The cities of Tshwane, Ekurhuleni and Johannesburg have the highest reliance on LPUs for their electricity revenue at 80%, 60% and 55% respectively, and would therefore be most affected by an increase in the number of LPUs going off grid. These metros are characterised by large scale industries, including automotive and manufacturing, requiring heavy power-driven machinery.

Fig. 4: Metros’ operating revenues are largely dependent upon contributions for large power users, 2018 (Issuers and Moodys).

In addition, the energy minister announced in May 2019 that the national government will issue more licences to independent power producers (IPPs) to generate electricity and feed into the national grid. We expect this to accelerate the decline in municipal revenues over the medium term, as more LPUs will go off-grid. The City of Johannesburg has already recorded a 25% decline in LPU revenue between FY2017 and FY2018.

We forecast a 25% decline in revenue from LPUs for all rated metros over the next three years. Based on this assumption, we expect a 7% decline on average in budgeted gross operating balances for all rated metros over the same period. The cities of Tshwane and Ekurhuleni, which have the highest exposure to LPUs, will be the most impacted, with a forecasted decline in gross operating balances of 10% and 8%, respectively. This decline is significant – it constitutes, for example, approximately 15% of their refuse removal revenue.

Municipalities have limited revenue flexibility to counteract pressures.

Municipalities are currently unable to diversify their electricity sources. In addition, other revenues are relatively inflexible, with tariffs set by the national government. As a result, pressures from electricity supply challenges are likely to be mitigated by spending cuts.

Fig. 5: Tswane’s and Ekurhuleni’s high exposure to electricity revenue and large power users makes them the most exposed to electricity supply challenges (Issuers and Moodys).

Municipalities currently have limited revenue flexibility to counteract these pressures, a credit negative. According to current regulations, municipalities can only purchase electricity from Eskom, limiting their flexibility to counteract the impact of electricity supply challenges. While the City of Cape Town (Baa3 stable) has taken legal action to allow them to procure up to 400 MW of renewable energy from independent power producers (IPPs). In addition, although municipalities are permitted to have their own generation plants, they only provide a small proportion of energy relative to demand, leaving Eskom as the main supplier of electricity to municipalities and thereby limiting their ability to offset supply challenges from the provider. Furthermore, the fact that municipalities cannot increase electricity tariffs without NERSA’s approval also limits their flexibility to deal with the decline in electricity revenues.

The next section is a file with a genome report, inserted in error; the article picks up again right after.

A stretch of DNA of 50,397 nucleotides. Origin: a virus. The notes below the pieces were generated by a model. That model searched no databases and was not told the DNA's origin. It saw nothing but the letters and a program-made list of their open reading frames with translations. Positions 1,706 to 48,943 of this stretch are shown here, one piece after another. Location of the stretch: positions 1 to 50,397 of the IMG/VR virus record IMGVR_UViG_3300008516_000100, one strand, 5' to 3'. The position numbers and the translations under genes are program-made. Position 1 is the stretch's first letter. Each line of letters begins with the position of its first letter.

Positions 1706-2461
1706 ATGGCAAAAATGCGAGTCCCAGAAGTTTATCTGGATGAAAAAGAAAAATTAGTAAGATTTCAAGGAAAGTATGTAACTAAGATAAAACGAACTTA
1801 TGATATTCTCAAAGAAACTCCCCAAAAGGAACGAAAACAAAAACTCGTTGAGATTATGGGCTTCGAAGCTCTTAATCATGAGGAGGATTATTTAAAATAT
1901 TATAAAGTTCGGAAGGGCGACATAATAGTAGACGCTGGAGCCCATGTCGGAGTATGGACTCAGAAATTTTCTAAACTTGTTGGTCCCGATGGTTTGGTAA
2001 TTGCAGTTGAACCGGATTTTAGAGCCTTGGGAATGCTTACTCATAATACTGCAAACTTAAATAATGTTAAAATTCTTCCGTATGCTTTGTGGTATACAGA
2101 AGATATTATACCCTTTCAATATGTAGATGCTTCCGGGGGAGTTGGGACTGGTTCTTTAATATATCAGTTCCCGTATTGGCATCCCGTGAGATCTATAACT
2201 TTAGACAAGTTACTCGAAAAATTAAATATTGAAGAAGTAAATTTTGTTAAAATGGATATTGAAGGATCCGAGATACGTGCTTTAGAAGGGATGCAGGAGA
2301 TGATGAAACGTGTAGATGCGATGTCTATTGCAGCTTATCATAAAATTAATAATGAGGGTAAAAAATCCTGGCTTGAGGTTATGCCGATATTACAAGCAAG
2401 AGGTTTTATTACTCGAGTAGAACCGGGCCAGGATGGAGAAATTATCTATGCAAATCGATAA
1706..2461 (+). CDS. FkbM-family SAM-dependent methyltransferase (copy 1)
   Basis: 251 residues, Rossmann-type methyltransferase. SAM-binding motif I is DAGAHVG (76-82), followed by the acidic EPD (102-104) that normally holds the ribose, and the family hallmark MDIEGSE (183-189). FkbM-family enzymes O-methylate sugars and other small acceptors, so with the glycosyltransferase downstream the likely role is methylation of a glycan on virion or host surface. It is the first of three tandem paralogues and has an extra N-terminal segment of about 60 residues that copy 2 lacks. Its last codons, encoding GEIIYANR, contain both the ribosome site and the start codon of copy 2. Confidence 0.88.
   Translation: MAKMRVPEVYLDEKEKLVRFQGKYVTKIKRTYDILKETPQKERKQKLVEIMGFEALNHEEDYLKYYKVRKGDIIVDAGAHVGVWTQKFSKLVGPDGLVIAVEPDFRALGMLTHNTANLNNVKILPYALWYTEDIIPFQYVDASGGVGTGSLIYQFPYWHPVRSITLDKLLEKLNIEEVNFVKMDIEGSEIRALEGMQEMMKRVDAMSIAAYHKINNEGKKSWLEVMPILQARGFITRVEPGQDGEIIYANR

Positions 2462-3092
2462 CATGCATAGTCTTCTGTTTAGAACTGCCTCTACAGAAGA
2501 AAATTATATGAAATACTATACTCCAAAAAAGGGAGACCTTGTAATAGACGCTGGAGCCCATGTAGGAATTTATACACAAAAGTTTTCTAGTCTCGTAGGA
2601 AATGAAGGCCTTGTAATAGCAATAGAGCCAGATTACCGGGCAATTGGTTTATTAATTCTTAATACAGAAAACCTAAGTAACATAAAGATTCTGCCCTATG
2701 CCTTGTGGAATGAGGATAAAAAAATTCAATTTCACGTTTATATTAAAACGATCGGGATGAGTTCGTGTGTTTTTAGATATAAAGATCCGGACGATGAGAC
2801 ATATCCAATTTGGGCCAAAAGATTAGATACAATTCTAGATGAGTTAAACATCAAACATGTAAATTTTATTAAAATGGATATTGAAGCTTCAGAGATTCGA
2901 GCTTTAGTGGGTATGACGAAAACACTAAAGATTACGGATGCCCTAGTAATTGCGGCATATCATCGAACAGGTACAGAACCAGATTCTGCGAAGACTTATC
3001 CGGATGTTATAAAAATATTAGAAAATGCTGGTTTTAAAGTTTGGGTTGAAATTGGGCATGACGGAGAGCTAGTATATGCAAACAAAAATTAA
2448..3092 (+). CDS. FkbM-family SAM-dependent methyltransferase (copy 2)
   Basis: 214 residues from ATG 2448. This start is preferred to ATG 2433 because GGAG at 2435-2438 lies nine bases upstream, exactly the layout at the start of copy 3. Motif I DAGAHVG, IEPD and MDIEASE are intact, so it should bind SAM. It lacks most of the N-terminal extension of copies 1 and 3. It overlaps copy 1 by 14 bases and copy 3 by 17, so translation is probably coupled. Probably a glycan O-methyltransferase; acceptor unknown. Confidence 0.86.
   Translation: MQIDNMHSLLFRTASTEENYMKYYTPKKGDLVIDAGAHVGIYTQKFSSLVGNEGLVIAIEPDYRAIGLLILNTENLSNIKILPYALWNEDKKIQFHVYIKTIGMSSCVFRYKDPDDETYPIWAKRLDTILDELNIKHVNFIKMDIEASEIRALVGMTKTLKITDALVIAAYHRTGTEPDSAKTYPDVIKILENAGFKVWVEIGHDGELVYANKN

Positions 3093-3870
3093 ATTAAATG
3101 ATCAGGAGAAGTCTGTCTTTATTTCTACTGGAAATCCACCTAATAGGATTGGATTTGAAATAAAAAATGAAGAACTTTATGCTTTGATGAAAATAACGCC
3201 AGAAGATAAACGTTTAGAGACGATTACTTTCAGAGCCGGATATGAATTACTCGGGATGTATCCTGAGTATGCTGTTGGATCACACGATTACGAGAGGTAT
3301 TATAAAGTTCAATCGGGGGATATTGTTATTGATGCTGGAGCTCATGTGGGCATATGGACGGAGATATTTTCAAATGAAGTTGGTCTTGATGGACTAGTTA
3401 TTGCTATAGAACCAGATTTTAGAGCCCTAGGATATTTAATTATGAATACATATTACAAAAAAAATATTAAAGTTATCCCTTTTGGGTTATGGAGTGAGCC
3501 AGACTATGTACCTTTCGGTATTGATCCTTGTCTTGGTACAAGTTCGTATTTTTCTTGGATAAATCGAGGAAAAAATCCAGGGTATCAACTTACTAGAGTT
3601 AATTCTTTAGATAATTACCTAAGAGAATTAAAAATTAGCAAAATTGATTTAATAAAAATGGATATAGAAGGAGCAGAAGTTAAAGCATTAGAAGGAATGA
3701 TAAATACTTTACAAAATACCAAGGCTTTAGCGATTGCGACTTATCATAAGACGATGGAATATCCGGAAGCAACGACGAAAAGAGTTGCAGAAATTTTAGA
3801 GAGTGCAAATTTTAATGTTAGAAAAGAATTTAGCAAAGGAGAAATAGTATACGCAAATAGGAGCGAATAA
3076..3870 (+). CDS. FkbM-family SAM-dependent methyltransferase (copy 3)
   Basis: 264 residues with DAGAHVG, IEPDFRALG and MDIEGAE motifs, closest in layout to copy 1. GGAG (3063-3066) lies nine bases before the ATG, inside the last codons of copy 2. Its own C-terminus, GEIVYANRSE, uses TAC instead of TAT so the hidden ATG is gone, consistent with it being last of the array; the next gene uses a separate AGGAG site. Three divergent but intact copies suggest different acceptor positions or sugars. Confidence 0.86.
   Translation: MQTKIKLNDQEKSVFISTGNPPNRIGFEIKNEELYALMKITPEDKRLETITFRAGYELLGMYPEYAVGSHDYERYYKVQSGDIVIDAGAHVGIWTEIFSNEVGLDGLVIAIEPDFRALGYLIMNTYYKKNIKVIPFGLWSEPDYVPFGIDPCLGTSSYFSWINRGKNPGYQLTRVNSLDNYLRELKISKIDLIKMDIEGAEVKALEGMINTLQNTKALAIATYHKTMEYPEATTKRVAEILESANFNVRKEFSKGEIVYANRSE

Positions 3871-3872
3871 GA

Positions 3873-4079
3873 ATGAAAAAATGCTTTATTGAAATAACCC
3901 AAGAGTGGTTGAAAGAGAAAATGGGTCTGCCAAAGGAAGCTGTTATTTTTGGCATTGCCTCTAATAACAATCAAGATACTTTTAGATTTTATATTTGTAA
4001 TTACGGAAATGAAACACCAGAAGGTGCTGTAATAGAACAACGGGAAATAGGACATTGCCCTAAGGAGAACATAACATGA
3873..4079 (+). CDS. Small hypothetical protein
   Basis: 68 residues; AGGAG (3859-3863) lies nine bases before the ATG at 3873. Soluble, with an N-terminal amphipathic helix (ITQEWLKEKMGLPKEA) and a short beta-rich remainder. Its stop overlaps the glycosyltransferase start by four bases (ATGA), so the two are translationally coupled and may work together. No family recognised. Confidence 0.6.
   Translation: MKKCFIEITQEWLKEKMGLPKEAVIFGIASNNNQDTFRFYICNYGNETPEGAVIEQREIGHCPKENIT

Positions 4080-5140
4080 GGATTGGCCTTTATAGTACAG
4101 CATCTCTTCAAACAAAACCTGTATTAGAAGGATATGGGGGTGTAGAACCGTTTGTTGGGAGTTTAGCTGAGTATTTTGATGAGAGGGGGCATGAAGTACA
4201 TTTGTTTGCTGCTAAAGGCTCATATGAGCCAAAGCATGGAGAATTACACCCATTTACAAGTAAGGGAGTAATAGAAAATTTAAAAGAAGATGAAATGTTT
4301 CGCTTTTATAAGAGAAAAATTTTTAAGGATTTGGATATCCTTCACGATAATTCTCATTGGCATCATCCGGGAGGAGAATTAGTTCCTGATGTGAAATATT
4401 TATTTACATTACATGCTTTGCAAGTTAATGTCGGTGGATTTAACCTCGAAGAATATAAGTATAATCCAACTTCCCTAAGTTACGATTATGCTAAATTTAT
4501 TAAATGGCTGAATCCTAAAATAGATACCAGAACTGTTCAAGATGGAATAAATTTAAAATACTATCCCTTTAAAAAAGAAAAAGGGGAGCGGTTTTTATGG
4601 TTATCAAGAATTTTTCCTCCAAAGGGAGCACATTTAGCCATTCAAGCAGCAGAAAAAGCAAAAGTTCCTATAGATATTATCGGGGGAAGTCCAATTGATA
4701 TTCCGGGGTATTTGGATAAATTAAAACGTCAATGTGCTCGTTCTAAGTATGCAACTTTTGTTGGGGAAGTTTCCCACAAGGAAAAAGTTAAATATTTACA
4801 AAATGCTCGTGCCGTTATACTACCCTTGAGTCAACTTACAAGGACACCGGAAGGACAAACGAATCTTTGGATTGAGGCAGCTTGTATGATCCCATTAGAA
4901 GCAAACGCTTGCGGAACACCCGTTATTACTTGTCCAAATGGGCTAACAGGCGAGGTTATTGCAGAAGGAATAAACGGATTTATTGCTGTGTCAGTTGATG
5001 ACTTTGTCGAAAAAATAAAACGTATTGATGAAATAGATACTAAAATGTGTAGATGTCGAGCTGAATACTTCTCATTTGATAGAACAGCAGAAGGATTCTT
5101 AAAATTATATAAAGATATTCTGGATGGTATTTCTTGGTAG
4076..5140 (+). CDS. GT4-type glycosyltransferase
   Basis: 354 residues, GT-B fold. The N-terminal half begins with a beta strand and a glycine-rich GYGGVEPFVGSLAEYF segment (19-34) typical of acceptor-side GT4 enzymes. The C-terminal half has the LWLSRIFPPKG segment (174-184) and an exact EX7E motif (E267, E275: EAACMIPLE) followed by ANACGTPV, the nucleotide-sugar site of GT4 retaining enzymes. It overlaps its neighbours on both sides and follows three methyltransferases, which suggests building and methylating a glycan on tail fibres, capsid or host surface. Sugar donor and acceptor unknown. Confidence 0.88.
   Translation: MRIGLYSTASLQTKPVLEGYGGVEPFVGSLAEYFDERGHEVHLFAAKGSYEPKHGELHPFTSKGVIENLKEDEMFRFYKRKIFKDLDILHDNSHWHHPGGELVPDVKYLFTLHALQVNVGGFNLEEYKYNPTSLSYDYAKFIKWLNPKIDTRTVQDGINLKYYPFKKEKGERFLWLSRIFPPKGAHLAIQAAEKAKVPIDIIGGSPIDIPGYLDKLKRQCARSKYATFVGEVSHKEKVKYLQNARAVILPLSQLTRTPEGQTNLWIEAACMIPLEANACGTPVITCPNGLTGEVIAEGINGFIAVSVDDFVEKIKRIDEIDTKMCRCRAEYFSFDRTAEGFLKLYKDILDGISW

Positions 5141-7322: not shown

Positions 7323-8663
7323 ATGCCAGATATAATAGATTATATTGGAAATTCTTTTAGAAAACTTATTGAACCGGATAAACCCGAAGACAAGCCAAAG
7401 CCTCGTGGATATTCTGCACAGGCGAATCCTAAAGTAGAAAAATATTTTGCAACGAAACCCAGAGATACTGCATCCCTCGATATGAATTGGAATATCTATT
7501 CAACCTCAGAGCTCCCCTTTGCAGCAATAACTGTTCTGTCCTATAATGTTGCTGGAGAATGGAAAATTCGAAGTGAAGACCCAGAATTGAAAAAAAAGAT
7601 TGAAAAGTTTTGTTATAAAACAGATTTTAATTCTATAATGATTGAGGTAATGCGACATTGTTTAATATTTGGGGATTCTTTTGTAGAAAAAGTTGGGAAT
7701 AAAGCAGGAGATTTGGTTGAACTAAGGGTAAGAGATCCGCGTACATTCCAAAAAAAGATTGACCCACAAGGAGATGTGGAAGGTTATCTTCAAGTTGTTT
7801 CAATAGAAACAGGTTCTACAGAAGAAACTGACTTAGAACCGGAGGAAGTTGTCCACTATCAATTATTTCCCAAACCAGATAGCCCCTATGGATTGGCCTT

Fig. 6: Metros’ decline in GOB will range from 3% to 10% (Issuers’ financials and Moodys).

They also lack flexibility with regard to other major sources of revenue, including property rates, government grants and water rates – municipalities need national government approval to increase property rates and water tariffs, while government grants provided to municipalities are solely determined by the national treasury. Surplus from electricity revenue is generally used to cross-subsidise the provision of basic services (largely for low income households) and cover part of the capital expenditure budget. If the surplus declines, municipalities are likely to reduce these costs and become more reliant on capital grants and borrowing to fund their capital expenditure budget.

This will likely limit the ability of municipalities to efficiently provide basic services to the public. Municipalities are also likely to reduce the amount used in cross-subsidising other services to counteract the reduction in operating surpluses. This would likely have a large social impact, given the country’s high-income inequality and unemployment rate of 29% in the second quarter of 2019.


[1] Municipalities make a surplus on electricity by buying it at bulk tariffs from Eskom and selling it to consumers at retail tariffs.

[2] Surplus is calculated as electricity revenue minus bulk purchases (80%) and fixed costs (20%).

[3] Gross electricity surplus is calculated as electricity revenue minus bulk electricity purchases.

Contact Daniel Mazibuko, Moody’s, Tel 011 217-5481, daniel.mazibuko@moodys.com